THERE was a chap on the radio the other day from the Met Office, trying gamely to defend their ability to predict the weather after they had been forced to alter their summer forecast from “glorious” to “glorious for fish”.
As far as I could make out, this poor man’s defence went something along the lines of: “B – b – but we managed to get through the whole of Wimbledon and Cliff Richard didn’t have to sing once.”
Well, that’s as maybe. But as I sat watching the Manchester sky fall in this morning, the last thing I felt like doing was having a barbecue or getting my deckchair out. The weather, though, can take the credit for setting up perhaps the most bizarre sporting spectacle of 2009.
It happened at the Indoor Cricket Centre adjoining the pitch at Old Trafford, where Lancashire’s Twenty20 Cup quarter-final against Somerset was decided by a bowl-out after three days of rain so heavy that it might have caused even Ray Mears to think: “Do you what? I think I’ll stay indoors.”
Lancashire’s relationship with the elements is, to put it politely, strained. It is, I would say, the main reason they haven’t won the County Championship outright since 1934. Winning four-day games of cricket is pretty difficult if it rains all the time. Hence Lancashire have, all too often, been thwarted by the elements. There are, you might say, the raining champions.
They haven’t won anything at all since 1999, when they won the National League (now the Pro40 League). But they fancied their chances of winning the Twenty20 Cup this season, especially given that they had the best record of any team in the group stages.
On Tuesday evening, Sky Sports’ cameras were in position for the quarter-final against Somerset – only to end up showing footage of covers over the wickets interspersed with shots of heroically cheerful fans in kagouls and David Lloyd talking about a banner with his name on it that someone had draped from the top tier of the Pavilion Stand.
This was all engaging stuff – particularly when Somerset’s former Australian Test batsman Justin Langer then popped into the studio to ask why the only Ashes series that ever get repeated on British television are from 1981 and 2005. But it wasn’t cricket.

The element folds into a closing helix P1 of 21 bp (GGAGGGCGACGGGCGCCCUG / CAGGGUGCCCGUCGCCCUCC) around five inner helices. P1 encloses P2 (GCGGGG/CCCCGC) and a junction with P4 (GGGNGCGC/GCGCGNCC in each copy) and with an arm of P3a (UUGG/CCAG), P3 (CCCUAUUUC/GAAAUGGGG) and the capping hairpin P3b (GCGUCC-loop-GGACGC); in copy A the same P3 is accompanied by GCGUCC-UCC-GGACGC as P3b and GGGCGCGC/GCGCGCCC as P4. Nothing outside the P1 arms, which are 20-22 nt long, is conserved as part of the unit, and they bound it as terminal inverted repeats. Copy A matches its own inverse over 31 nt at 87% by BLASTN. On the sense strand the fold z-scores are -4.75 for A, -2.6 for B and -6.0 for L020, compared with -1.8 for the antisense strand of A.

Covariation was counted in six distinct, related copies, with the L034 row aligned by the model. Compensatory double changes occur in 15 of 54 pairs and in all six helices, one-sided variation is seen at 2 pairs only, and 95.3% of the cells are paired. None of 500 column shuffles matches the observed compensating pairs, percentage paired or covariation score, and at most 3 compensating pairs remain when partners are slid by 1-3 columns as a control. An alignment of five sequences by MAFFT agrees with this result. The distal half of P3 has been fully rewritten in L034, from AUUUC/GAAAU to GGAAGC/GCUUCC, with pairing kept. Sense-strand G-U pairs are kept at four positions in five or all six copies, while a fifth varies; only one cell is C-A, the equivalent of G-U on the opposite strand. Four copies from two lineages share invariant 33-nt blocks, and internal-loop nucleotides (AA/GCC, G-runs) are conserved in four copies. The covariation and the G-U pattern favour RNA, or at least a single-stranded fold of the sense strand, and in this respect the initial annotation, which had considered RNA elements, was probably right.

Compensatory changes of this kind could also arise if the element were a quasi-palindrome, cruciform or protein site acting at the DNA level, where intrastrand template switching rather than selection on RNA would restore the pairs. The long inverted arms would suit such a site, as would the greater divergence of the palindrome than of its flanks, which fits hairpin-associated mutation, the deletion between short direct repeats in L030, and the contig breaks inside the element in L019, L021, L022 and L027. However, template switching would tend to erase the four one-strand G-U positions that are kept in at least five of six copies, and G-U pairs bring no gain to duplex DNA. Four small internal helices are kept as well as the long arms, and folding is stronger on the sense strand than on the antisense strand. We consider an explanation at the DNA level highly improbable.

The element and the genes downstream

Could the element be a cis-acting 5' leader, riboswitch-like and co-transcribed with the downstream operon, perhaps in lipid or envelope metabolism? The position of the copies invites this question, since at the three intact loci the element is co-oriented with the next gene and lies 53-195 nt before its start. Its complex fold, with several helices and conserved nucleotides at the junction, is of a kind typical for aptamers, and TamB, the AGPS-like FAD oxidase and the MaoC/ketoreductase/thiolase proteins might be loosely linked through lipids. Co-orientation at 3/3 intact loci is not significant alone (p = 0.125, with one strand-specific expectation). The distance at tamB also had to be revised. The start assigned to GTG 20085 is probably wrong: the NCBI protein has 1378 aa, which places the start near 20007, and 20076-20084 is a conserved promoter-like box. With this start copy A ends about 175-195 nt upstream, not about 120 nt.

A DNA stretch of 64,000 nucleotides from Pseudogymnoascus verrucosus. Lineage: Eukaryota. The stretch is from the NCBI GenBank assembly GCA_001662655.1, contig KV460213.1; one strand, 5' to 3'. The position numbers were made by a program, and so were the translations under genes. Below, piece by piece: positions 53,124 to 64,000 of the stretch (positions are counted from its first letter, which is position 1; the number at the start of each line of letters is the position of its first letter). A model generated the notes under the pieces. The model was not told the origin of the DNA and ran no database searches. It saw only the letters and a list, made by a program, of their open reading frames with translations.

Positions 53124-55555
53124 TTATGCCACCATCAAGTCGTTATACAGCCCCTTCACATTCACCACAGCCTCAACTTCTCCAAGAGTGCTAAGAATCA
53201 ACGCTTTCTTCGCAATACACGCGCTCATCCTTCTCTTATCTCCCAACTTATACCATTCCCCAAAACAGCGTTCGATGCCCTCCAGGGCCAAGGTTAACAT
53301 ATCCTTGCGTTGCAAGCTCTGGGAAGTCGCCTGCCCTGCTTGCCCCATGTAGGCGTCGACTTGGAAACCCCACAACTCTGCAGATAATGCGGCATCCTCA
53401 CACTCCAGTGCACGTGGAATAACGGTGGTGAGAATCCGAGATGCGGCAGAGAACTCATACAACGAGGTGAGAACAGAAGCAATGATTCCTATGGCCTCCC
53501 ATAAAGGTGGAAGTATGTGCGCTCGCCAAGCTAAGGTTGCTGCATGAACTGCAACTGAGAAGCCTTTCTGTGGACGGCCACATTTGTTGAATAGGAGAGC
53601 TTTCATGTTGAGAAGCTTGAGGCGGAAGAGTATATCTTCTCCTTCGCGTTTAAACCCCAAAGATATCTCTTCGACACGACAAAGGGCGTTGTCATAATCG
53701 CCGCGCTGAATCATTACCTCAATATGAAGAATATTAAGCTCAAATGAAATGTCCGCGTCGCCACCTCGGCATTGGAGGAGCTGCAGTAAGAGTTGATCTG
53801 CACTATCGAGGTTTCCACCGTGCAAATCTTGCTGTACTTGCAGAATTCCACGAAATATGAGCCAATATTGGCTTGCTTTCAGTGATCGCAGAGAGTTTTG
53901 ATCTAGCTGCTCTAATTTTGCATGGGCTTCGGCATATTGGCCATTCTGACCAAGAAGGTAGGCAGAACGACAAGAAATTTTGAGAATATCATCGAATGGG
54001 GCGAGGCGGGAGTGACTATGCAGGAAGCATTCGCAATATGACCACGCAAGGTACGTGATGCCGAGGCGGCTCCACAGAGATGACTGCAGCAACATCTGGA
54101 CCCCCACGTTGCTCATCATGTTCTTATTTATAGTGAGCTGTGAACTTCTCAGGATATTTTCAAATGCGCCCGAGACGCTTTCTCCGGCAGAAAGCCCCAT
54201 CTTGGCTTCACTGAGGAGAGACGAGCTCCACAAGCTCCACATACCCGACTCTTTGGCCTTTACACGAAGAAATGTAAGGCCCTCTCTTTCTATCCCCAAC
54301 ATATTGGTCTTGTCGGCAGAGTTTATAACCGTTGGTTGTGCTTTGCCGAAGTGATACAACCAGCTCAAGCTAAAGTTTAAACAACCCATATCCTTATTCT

The match was rescheduled for yesterday. There was another rainstorm. So it was rescheduled for today. And there was another rainstorm. With Somerset having to set sail back south to play a County Championship match tomorrow, there was only one solution. After three days of cricket’s equivalent of Waiting For Godot, the match was resolved by an indoor bowl-out in less than 10 minutes. Five bowlers, with two balls each to deliver at three unguarded stumps.
It was an absolute farce – although it was hard to see how else the match could have been resolved. And Lancashire self-destructed, losing 5-1 as Somerset proved more adept at hitting unguarded stumps than the hosts. Lancs didn’t help themselves with a curious choice of personnel for the shoot-out, which included Mark Chilton and VVS Laxman – neither of whom have bowled competitively for the county this season – and Stephen Cheetham, a 21-year-old who hasn’t played a Twenty20 Cup match. Cheetham, at least, hit the stumps with one of his two goes. No other Lancs player did.
Watching the video of the bowl-out is a weird experience. (It is, at the time of writing, available on the BBC Sport website.) With no crowd around to watch, the only sounds are of the ball (occasionally) hitting the stumps, and the cheers or groans of the players echoing around the hall in response.
Langer described the bowl-out as a “lottery”; Chilton used the word “surreal”. One TV reporter assigned to cover what was left of the quarter-final described it as “the equivalent of deciding an FA Cup tie on a five-a-side court”.
Inevitably, of course, by the time the bowl-out was over, the sun had come out. Ah well. Maybe next year, eh, Lancs?